“We need to make sure that new buildings will provide secure bike parking for today, tomorrow, and the future,” said Marc Caswell, program manager for the SF Bicycle Coalition. Until now, the planning code only required building owners to provide bike parking for about 2 percent of tenants, he said. With bicycling already exceeding 15 percent of commute trips in some neighborhoods, the legislation will help ensure new buildings are designed with the increase in bicycling in mind.

Debate at the commission was mainly focused on a provision in the legislation that would have defined bicycle parking as an “active use” — the same category that a storefront, apartment, or lobby would fall under. Josh Switzky of the Planning Department said that measure was intended to make it easier for architects to include bike parking on a building’s ground floor. Because the planning code allows only “active uses” within 25 feet of a building’s frontage, a special permit is currently required to provide space for bike parking in that area.

The Planning Commission voted to remove the “active use” provision, so providing bike parking within 25 feet of the front of a building will still require a permit. The alternative is to place the bike parking closer to the rear of a building or on a different floor.

The strongest opponent of re-defining bike parking as an active use was Commissioner Katherine Moore. While she fully supported the rest of the ordinance, she said that a parked bicycle “is an inanimate object, not an active use.”

Switzky pointed out that providing secure, dedicated bike parking in buildings is key to making bicycling a normal, everyday means of transportation. “The extent to which we treat bicycle facilities as an afterthought in building design and require cyclists to find marginalized ways of storing their bikes, whether it’s stuffing them under stairwells, squeezing them in their small apartments and dank basements, or on balconies and decks, that marginal treatment is often reflected back in the way that cyclists view their status in society,” he said.

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Plan for Ped-Friendly Castro Takes Shape: Will Parking Trump Muni Riders?

Images: Planning Department

City planners presented detailed options for pedestrian upgrades on Castro Street at a community meeting last night. The improvements, set for construction next year, will include sidewalks as wide as 22 feet, new trees, and pedestrian-scaled lighting.

By reclaiming space from Castro’s excessively-wide traffic lanes, the plan is expected to provide more room for people on Castro’s often overcrowded sidewalks, calm motor traffic, and improve safety. Castro, between 17th and 19th Streets, sees some of the heaviest foot traffic of the city’s neighborhood commercial streets, even exceeding Columbus Avenue in North Beach, said Nick Perry, project manager for the Planning Department. With the proposed improvements making Castro more attractive to visit, those numbers are expected to jump, judging by the success of similar projects like the 2009 streetscape improvements on Valencia Street.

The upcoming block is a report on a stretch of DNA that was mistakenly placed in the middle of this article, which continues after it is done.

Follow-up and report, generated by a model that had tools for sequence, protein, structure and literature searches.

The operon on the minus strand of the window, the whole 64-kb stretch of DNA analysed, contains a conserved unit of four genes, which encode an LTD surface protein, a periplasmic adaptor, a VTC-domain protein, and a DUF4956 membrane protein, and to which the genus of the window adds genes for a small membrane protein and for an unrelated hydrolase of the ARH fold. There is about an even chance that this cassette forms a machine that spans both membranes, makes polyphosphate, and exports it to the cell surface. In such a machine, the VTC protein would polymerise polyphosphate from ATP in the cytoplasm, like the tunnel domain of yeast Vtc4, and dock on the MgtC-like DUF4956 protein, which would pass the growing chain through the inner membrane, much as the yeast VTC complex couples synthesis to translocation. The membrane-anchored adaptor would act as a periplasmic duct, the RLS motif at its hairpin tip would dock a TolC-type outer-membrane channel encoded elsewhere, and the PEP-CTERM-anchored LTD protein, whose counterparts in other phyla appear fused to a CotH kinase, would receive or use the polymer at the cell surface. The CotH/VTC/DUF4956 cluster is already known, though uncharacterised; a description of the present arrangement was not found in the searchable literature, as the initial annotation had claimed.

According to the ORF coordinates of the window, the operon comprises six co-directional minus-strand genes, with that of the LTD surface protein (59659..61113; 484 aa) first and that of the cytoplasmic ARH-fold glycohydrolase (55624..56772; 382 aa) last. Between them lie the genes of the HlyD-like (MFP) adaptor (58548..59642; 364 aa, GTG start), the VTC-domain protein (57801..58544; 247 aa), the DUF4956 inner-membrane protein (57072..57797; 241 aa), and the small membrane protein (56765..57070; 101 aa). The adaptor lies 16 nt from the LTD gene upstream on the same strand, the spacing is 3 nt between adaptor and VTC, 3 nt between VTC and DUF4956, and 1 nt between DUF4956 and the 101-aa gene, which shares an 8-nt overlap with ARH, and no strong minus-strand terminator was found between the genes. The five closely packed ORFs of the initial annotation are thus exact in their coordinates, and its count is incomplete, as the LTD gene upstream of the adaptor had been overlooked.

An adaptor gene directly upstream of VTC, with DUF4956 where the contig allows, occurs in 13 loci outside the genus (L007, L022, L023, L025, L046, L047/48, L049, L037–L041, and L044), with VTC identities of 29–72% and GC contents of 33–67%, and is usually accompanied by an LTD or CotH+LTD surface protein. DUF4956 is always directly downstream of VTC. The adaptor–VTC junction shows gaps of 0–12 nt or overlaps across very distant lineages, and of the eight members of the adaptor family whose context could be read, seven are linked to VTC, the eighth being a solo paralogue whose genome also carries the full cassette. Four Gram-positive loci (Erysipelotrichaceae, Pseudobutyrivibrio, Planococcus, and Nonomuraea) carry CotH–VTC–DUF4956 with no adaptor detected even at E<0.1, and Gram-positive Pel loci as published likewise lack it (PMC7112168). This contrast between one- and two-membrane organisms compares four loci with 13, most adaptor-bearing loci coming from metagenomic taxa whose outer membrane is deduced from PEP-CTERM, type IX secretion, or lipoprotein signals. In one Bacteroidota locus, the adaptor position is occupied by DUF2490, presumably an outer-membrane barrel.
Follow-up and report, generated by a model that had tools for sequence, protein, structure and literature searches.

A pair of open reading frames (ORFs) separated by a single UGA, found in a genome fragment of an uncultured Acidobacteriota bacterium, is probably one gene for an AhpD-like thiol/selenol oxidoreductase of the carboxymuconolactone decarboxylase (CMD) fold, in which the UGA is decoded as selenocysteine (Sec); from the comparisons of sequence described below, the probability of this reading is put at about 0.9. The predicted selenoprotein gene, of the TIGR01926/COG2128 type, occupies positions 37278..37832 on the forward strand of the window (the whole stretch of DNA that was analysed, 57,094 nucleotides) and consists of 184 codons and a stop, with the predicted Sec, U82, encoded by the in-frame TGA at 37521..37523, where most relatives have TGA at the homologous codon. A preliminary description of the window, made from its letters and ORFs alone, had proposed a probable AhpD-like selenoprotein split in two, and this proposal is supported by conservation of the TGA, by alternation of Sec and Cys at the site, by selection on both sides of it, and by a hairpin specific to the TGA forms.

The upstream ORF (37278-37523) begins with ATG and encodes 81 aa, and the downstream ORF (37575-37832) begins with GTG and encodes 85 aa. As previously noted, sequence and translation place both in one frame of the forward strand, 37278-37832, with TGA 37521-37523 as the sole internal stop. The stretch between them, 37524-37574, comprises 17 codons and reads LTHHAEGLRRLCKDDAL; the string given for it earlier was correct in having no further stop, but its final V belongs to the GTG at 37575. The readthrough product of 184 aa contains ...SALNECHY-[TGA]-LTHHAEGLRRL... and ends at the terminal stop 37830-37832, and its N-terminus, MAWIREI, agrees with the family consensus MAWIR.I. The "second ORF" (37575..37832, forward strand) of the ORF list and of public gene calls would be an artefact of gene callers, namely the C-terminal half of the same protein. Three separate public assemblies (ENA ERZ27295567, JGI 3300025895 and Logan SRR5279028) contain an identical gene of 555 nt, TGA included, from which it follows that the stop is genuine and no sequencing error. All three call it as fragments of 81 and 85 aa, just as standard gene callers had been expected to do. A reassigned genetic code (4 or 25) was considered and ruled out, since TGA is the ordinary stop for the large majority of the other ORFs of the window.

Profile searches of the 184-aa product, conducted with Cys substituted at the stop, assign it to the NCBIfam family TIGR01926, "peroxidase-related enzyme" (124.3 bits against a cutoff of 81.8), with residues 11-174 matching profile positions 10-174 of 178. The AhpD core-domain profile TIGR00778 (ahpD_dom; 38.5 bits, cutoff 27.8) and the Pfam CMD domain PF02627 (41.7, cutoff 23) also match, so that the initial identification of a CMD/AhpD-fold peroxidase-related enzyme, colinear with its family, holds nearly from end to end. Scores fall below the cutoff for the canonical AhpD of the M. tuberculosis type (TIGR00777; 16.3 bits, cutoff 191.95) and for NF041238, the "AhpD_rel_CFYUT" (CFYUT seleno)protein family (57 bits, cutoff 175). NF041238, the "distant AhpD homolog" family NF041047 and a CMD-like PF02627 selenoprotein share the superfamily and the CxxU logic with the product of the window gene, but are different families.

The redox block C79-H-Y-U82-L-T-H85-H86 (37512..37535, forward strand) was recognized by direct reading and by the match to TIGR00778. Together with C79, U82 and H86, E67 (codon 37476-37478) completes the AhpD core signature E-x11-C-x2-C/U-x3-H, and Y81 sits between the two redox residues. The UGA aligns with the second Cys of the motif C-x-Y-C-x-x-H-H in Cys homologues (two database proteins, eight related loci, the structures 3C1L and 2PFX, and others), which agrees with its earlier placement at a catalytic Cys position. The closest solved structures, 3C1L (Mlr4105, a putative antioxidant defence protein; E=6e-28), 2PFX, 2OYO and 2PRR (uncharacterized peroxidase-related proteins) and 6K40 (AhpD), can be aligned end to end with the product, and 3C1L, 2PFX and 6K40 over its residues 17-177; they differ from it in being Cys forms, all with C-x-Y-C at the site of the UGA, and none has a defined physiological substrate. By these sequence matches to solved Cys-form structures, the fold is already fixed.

According to a Planning Department survey following the first community street design workshop in January, over 93 percent of respondents like the basic plan (76 percent “strongly” like it). At last night’s meeting, agency staff sought feedback from residents on options like the types of trees to plant, pavement treatments (rainbow-colored crosswalks, anyone?), and where to put sidewalk bulb-outs.

Along Castro, the plan would repurpose excess road space that currently tends to be taken up by double-parkers. But since the roadbed will be narrowed, the SF Transit Riders Union is concerned that unless further steps are taken, the 24-Divisadero and 35-Eureka lines could face more delays as buses wait behind drivers while they parallel park.

“It’s a great streetscape design,” said Peter Straus, a TRU member and retired Muni service planner, “but by narrowing it, all of the parking movements, in and out of parking spaces, especially where you have high turnover on a commercial street, where they’re all moving through that one lane, it’s inevitably going to lead to significant delays to Muni operations.”

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Planning Commission OKs Car-Free Housing at Fulton and Gough

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A rendering of the new project approved for Gough and Fulton Streets. Image: David Baker + Partners Architects

A massive Hayes Valley parking lot, formerly occupied by the Central Freeway, will be developed into a car-free apartment building and Boys and Girls Club after the project was approved unanimously by the Planning Commission last week.

The six-story apartment building at Fulton and Gough will include 69 rental units, eight of them available at subsidized below-market rates, all without car parking. The adjacent Boys and Girls Club will include parking — six tandem spaces which drivers will access via Ash Street, an alleyway, where the project developer will add a raised crosswalk along Gough. Pedestrian improvements like sidewalk seating and bulb-outs at Fulton and Gough will also be added as part of the agreement, and the site will include 70 indoor bike parking spaces.

Occupying a corner just two blocks from City Hall, the project “continues the reparation of the neighborhood damage caused by the collapse and removal of the Central Freeway,” notes project architects David Baker + Partners on the firm’s website.

Jason Henderson of the Hayes Valley Neighborhood Association called the project “a key precedent” for the integrity of the Market-Octavia Area Plan, which sets limits on new parking to make room for people, not cars.